Concern raised on productiveness

An Employment Ministry staff member speaks to participants at a national minimum wage consultation in Nadi yesterday. Picture FELIX CHAUDHARY

A REPRESENTATIVE from the hotel industry has raised concerns about the ongoing increase in wages without a clear indication of improvement in productivity.

During a minimum wage consultation Biu Waqaniburotu, the area director human resources at the InterContinental Fiji Golf Resort and Spa asked for an explanation on how productivity figures were used to determine proposed minimum wages for all sectors.

He told consultant and professor of economics at the Western Sydney University, Dr Partha Gangopadhyay, the data should be interesting because the hotel industry struggled to improve productivity. “Improving productivity will definitely give opportunities to improving wage rates,” he said.

“But I think there is a disconnect between productivity and these increases because all the increases that have been happening over the years are based on inflation rates alone and we are forced to increase wages just because of inflation rates and competition between employers to retain employees.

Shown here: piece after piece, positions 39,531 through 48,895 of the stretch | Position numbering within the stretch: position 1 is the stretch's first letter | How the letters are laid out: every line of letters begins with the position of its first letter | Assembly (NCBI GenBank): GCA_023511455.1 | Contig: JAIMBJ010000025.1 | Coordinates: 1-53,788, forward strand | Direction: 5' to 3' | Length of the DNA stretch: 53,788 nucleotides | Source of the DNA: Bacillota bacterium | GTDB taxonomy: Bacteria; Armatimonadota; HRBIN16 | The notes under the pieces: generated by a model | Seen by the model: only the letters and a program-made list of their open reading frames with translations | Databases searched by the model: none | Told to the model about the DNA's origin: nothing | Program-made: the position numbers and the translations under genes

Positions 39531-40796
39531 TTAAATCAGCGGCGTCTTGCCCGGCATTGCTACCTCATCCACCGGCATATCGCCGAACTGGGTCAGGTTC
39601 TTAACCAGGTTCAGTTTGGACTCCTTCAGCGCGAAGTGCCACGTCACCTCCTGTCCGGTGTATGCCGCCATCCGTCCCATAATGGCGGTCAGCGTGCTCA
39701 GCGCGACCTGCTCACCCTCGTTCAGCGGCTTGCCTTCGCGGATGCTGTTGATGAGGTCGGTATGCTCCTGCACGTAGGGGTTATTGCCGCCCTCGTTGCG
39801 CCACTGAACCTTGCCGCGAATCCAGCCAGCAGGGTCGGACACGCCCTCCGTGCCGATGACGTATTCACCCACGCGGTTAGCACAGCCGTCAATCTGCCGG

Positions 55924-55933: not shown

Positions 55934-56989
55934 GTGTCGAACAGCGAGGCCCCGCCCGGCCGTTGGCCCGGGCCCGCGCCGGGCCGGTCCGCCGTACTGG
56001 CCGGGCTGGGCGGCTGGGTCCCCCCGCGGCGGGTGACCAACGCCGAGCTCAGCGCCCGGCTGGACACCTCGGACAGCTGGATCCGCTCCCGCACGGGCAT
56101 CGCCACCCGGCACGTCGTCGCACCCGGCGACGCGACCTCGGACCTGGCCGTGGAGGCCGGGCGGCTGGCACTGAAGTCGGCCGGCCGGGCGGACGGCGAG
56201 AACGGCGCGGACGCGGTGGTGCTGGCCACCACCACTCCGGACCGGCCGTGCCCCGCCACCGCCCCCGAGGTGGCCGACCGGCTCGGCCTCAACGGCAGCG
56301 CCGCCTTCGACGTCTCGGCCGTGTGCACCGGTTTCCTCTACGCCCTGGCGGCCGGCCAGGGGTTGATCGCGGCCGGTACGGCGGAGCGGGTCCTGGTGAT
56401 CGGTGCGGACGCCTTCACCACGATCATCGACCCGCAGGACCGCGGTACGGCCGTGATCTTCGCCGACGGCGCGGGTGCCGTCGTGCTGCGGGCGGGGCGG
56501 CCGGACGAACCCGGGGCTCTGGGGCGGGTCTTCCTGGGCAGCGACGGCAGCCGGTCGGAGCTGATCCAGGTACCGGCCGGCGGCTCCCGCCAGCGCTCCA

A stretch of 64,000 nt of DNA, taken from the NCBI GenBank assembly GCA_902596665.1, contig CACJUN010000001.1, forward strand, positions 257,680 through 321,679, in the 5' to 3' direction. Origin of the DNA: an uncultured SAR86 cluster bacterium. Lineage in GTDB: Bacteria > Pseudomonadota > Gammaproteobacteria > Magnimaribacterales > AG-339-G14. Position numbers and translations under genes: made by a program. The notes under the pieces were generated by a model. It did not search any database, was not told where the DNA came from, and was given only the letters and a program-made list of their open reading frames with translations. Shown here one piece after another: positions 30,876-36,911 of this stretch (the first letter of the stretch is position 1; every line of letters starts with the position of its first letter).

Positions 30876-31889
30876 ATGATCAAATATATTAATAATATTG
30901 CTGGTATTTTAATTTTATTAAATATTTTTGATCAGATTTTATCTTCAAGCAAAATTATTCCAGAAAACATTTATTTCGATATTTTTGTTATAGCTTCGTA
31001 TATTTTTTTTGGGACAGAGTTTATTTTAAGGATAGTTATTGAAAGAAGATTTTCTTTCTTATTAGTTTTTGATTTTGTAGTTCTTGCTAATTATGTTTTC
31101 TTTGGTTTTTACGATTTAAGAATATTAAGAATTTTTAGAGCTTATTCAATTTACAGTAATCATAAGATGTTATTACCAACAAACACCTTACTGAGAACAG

“But we are not actually increasing rates based on productivity and I think there is a huge disconnect that all stakeholders should work together to improve productivity so that it could be fair for employers as well. “When minimum rates are increased, productivity as well should increase, I think that is the disconnect.”

Dr Gangopadhyay said productivity was measured in two ways.

“It is measured by looking at when you increase one employee, how much extra profit you make.

“Alternatively, you can measure it by cost reduction,” Dr Gangopadhyay said.

“So productivity is basically driven by the impact of either on profit output or reduction in cost.”

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